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AT Caledonia Park to Pine Grove Furnace
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Recommended direction: S to N
Day hike: Yes
Overnight backpacking hike: No
Duration: 6 hr.
Early exit option: at 5.5 mi., PA 233 (limited parking)
Natural history feature: Chimney Rocks
Social history features: Remains of old ironworks charcoal staging sites; Waynesboro Reservoir; Snowy Mt. Fire Tower
Other features: Caledonia SP pool, bath houses, picnic pavilions
Shelters & camping: Tumbling Run Shelters; Hermitage Cabin; Rocky Mt. Shelters; Caledonia SP

Directions: Take I-81 N or S to PA 16 E (Exit 3), go 10.0 mi. to Rouzerville, L on Antietam Rd. (PA 2007) and 5.0 mi. to Old Forge Picnic Grounds. Parking for a dozen cars in the park lot. End: Take I-81 N or S to US 30/Chambersburg exit. Take US 30 E 11.0 mi. to Caledonia SP. Parking in lot near pool.

The Appalachian Trail follows ridges of mountains east of the Alleghenies to the Susquehanna River in a long section of Trail notorious for its foot-bruising, boot-destroying rocks. The Trail north of the Susquehanna is characterized by long, flat, rocky ridges broken by fairly strenuous climbs in and out of gaps. About ten miles south of the Susquehanna River, the Trail crosses the Great Valley of the Appalachians to the Blue Ridge. This southern portion of the Trail through Pennsylvania has many sections that are gentle, and grades are easy, making it one of the easiest sections of the Trail. Pennsylvania can be oppressively hot in summer, and water may be scarce. The Trail crosses many roads, and some shelters are near roads, where scattered crime problems make extra safety awareness a good idea. The Appalachian Trail Conservancy has a field office along the Trail in Boiling Springs.

The hike starts with crossing the East Branch Conococheague Creek in Caledonia State Park. The park has several short trails. The Appalachian Trail also passes through part of the park, and a blue-blazed side trail is accessible. The park’s trails range from a half-mile to nearly three miles in length. The Blue Blaze Trail is seven-tenths-mile long, ascending 400 feet to Ore Bank Hill, before joining the Appalachian Trail. At just over two miles, Ramble Trail begins at the visitors’ center and passes through scenic lowlands in the park and past the Rolling Mill waterfalls. The Thaddeus Stevens Historic Trail allows hikers to inspect an old blacksmith shop, an iron furnace, Mill Race Falls and a furnace and header dam.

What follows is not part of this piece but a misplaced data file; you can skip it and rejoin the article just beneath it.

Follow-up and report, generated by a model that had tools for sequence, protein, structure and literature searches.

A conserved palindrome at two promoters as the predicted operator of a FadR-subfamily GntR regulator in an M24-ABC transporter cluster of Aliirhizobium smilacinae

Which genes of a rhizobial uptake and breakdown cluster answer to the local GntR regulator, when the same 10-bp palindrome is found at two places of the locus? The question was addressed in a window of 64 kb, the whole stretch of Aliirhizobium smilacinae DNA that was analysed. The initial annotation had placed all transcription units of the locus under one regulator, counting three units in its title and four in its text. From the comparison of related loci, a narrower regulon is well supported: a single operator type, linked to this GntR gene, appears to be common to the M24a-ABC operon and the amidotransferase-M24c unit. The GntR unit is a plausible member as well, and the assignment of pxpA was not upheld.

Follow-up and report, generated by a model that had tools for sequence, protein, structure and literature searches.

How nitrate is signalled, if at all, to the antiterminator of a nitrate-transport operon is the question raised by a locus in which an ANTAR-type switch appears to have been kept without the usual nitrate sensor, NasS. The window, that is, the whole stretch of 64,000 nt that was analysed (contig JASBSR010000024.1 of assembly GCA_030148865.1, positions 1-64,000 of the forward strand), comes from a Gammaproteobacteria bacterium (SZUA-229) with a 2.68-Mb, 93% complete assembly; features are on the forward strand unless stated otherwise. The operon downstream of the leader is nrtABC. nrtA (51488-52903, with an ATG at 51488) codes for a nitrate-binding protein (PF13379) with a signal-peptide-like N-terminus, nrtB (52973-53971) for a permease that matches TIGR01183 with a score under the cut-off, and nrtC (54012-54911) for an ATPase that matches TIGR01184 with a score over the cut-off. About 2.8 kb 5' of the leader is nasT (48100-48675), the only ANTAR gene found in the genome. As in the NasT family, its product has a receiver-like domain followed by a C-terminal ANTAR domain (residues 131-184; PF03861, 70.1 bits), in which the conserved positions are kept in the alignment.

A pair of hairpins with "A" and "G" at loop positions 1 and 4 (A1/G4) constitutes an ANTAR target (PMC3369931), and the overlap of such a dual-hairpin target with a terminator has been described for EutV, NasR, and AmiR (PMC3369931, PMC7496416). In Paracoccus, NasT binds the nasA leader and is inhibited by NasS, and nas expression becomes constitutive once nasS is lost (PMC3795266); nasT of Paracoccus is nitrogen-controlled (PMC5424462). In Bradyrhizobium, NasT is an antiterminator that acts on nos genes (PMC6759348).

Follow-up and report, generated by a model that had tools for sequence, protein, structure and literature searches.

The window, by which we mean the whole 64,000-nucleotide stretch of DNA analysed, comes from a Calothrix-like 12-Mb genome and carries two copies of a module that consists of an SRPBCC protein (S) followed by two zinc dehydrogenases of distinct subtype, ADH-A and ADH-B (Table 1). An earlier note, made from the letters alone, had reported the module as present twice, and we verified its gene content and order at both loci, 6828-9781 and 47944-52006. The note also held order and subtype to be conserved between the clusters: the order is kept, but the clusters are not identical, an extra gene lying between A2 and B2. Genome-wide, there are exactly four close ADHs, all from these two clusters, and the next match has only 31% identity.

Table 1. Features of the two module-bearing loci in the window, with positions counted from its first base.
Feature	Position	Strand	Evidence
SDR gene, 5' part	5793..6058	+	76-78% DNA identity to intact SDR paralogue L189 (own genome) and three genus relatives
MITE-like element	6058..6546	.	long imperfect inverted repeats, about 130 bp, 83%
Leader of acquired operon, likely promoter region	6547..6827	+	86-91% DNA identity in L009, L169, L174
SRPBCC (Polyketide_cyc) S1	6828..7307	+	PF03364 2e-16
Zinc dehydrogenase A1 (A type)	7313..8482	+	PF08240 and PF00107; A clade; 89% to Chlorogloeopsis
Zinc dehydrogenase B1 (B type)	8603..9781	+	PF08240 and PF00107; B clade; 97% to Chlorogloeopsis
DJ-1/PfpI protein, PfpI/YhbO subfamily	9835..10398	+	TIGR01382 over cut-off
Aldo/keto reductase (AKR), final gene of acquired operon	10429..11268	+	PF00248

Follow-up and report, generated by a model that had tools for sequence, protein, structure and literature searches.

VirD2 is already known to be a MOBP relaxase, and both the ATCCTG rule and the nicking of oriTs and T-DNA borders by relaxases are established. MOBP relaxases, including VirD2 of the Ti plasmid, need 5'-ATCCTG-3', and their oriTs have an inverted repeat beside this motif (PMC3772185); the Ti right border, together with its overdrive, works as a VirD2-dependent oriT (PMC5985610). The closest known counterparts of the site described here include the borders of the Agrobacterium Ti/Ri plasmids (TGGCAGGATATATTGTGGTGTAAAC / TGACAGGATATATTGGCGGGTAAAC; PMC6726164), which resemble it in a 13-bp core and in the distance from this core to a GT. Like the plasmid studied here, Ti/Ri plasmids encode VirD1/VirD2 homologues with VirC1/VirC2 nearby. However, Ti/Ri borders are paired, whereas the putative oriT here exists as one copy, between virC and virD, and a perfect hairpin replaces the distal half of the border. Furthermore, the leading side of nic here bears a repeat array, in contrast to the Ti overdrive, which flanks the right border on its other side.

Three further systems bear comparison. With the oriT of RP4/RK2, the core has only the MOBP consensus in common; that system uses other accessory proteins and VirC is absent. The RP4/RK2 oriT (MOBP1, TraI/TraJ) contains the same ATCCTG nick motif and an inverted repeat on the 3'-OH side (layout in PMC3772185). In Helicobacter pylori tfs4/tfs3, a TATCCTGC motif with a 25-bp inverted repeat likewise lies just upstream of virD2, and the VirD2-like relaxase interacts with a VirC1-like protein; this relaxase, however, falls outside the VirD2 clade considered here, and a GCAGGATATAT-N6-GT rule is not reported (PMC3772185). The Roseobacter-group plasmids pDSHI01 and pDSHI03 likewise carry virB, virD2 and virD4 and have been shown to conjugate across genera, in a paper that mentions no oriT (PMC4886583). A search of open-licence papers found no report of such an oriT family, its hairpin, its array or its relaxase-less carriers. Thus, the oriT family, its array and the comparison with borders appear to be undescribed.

After passing through the Park, the AT trail starts a nice climb up to the ridge line. 420 vertical feet over a few miles, a great way to start the hike. You can stop at Quarry Gap Shelter, a unique trail shelter in that it is overly maintained, perhaps too nice (Y2010). The shelter has a wind flap, landscaping, bench and other luxury items not normally founded in an AT shelter.  

The trail through this section is some of the easier hiking found on the Appalachian Trail. The notorious Pennsylvania rocks have not yet started and the grade is fairly easy. There are even some sections that have a soft bed of pine needles covering the trail.  

1.5 miles after Birch Run Shelters, the trail detours around Camp Michaux. Camp Michaux was originally part of a farm associated with the iron making operation at Pine Grove Furnace. The farm became a Civilian Conservation Corp camp in the 1930's and was finally used as a Prisoner of War camp for German POW's in World War II. Most of the buildings are gone, with the exception of a stone wall and foundation. The AT travels through many historic areas. In fact, Gettysburg is only 20 miles from this area. Many of the hills and trails to be walked over were used by troops in the Civil War.  You'll soon reach Pine Grove Furnace State Park. This park is not very famous along the AT and serves as a kind of halfway point for thru-hikers (Pine Grove is located near the actual AT mid-point). 

Source: ATC, www.sectionhikingtheat.blogspot.bg 

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